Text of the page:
Freelancing is on the rise, and Millennial workers are leading the way. As many as 53 million Americans, 34% of the U.S. workforce, are engaged in some type of freelance work—up from 42.6 million in 2004.
It’s no coincidence that the number of freelancers has grown at the same time Millennials have become the largest generation in the U.S. workforce. A recent national survey found 38% of Millennials freelance, a higher percentage than any other generation. As Millennials continue to age and dominate the workforce, this number will only be going up.
So what has turned Millennials into the Freelance Generation? Freelance work, which can increasingly be done independently, remotely, or within a flexible schedule, appeals to what Millennials seek in the workplace: Accessibility, Affirmation, and Authenticity. Employers caught flat-footed by this shift have already seen their Millennial workers leave traditional jobs to join the freelance economy.
Waiting to meet these expectations will mean seeing even more of your young employees walking out the door as the workforce continues to go freelance.
Millennials are addicted to technology. This is a generation that checks their phones 43 times per day on average, after all. They aren’t just posting on Instagram and taking selfies, though. They are using their technology for business, too.
Millennials expect to be able to blur the lines between their work and personal lives, and want to use the tech they have grown up with to do just that. One report found that 45% of Millennials will choose workplace flexibility over pay. In fact, lack of flexibility has been cited among the top reasons Millennials quit their jobs (costing employers $15K-$25K per employee every time one does quit).
Freelance jobs, which are often performed remotely, allow Millennials to access their work from anywhere with Wi-Fi. Websites like Upwork, Elance, and Craigslist connect them to their freelance clients or employers instantly using the tech they love.
Millennials are also commoditizing their personal lives with flexible freelance positons. Millennial Uber and Lyft drivers manage their accessibility through their iPhones, for example, allowing them to pick up a ride or two around their full-time jobs or create their own hours as part of the sharing economy. These Uber freelancers make an estimated $19 an hour doing so, which is about as much as the national average for entry level jobs, and more than part-time positions are likely to pay.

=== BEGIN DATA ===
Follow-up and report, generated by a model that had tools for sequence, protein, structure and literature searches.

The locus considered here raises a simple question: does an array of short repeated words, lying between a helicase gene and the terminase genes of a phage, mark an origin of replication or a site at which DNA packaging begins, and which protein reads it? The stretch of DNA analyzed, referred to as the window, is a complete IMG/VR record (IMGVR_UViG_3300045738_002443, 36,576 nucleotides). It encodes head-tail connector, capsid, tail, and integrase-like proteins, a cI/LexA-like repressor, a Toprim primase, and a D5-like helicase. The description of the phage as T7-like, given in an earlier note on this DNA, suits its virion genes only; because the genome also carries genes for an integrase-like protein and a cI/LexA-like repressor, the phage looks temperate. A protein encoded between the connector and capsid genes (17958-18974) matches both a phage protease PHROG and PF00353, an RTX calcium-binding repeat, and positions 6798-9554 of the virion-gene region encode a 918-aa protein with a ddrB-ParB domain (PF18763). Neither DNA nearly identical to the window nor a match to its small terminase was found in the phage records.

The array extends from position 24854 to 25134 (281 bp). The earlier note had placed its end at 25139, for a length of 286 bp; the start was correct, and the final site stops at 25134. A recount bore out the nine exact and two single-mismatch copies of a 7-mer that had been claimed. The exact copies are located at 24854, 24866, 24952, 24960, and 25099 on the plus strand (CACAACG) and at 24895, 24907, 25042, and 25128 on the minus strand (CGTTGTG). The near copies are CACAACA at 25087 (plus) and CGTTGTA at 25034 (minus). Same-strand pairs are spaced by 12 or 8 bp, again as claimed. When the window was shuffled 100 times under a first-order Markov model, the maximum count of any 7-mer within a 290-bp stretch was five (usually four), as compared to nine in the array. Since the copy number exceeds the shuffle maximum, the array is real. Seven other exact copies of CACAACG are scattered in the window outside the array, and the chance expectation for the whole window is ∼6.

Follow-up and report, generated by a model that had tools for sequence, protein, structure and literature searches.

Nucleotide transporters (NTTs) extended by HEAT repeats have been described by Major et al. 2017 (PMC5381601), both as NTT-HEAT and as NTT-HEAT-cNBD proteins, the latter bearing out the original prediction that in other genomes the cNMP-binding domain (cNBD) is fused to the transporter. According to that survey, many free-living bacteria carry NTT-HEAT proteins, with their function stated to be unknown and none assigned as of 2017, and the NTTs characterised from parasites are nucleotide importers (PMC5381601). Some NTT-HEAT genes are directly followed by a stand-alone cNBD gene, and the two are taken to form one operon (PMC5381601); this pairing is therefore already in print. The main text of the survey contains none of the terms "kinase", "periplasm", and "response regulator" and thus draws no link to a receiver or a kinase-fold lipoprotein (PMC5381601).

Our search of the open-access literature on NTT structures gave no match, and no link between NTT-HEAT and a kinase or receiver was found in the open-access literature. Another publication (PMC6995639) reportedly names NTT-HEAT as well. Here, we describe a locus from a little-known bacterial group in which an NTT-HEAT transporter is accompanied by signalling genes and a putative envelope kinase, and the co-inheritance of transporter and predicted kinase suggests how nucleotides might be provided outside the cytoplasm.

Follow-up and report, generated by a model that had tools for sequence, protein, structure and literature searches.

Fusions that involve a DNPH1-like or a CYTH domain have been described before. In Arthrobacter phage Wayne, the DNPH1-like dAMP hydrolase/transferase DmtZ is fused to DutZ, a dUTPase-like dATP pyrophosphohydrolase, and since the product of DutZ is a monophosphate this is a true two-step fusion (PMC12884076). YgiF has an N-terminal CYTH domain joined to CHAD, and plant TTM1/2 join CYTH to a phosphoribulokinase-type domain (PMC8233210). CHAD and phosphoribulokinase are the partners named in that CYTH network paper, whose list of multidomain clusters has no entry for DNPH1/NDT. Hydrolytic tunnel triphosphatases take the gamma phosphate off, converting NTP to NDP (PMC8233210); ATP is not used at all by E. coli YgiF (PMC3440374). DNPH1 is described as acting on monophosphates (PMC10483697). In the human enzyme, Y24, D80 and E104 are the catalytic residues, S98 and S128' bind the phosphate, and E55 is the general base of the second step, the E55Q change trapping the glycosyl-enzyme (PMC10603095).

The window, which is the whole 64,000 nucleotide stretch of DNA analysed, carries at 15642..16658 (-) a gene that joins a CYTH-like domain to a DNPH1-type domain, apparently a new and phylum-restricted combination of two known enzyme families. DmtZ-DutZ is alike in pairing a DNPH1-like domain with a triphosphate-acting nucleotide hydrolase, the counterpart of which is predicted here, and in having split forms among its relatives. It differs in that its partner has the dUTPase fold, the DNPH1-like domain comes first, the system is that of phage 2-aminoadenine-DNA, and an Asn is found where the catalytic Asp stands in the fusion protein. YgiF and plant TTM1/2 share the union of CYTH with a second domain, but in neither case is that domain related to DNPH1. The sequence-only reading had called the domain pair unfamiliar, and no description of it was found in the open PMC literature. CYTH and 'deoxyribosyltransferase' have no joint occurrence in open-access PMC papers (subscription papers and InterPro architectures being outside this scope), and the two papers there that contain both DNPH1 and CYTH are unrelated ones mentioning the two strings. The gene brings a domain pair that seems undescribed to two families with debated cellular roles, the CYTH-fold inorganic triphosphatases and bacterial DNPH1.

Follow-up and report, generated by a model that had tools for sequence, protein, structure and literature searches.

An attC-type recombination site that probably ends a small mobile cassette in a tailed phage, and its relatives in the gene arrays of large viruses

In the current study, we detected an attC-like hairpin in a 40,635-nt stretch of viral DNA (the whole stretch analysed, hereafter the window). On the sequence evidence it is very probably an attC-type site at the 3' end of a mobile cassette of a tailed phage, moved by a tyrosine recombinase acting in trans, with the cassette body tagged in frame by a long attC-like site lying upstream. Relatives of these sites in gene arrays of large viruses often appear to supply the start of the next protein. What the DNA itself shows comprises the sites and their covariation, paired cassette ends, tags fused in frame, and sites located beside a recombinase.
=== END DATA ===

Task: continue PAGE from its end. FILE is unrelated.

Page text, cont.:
Millennials were raised by helicopter parents and received awards just for showing up to the game, so they expect—and need—need constant affirmation in their professional lives, too. About 30% of Millennial employees have reported they will leave if their career goals are not aligned with their jobs. Not every Millennial will want to leave the corporate world for a life of freelancing, but these flexible, often part-time roles let them advance their skills and careers during off hours.
Freelance roles give the Millennial, me-centered workers agency, turning them from employees to self-motivated entrepreneurs. Instead of time consuming internships, which we’ve seen are…less than optimal, Millennials are often using freelance roles to sharpen their professional chops (while getting paid).
Because they combine work and personal lives more than other generations, Millennials expect greater fulfillment from their jobs than older workers. They also value helping others more than having a high-paying career. In a recent study by Deloitte, six out of ten Millennials indicated that a sense of purpose is important in choosing where they work.
Millennial freelancers in particular want work that has “a positive impact on the world” (62% of Millennials vs. 54% of non-Millennials) or is “exciting” (62% of Millennials vs. 47% of non-Millennials). They may not be leading careers centered around changing the world, but Millennials are able to contribute in their off-hours through freelance roles.
The Bottom Line
The number of freelance workers in the U.S. has grown by almost 11 million in the past 10 years. Thanks to evolving technology, performing remote work becomes easier with each passing day. Websites like Upwork, Elance, and Craigslist connect freelance workers to clients across a wide range of industries instantly. Tech start-ups Uber, Lyft, and others have allowed Millennial workers to commoditize their personal time.
Freelance roles align with Millennials’ needs for Accessibility, Affirmation, and Authenticity in their work lives, and so freelance gigs are perfectly suited to this generation of young workers. Millennials seem to have noticed (they make up a large percentage of these workers, more than any other generation).
Up to 82% of Millennials are optimistic about the future of freelancing, and with good reason. As this generation continues to age and overtake the workforce, they will continue to drive the freelance economy. Employers who wait to incorporate the lessons of the new wave of freelance workers into their company may see a generation of workers head right for the door.
The G Brief is the digital magazine published by Urbaneer Creative. We’re a boutique consultancy focused on helping clients better understand and engage the Millennial generation. Reach out to see what we can do for you.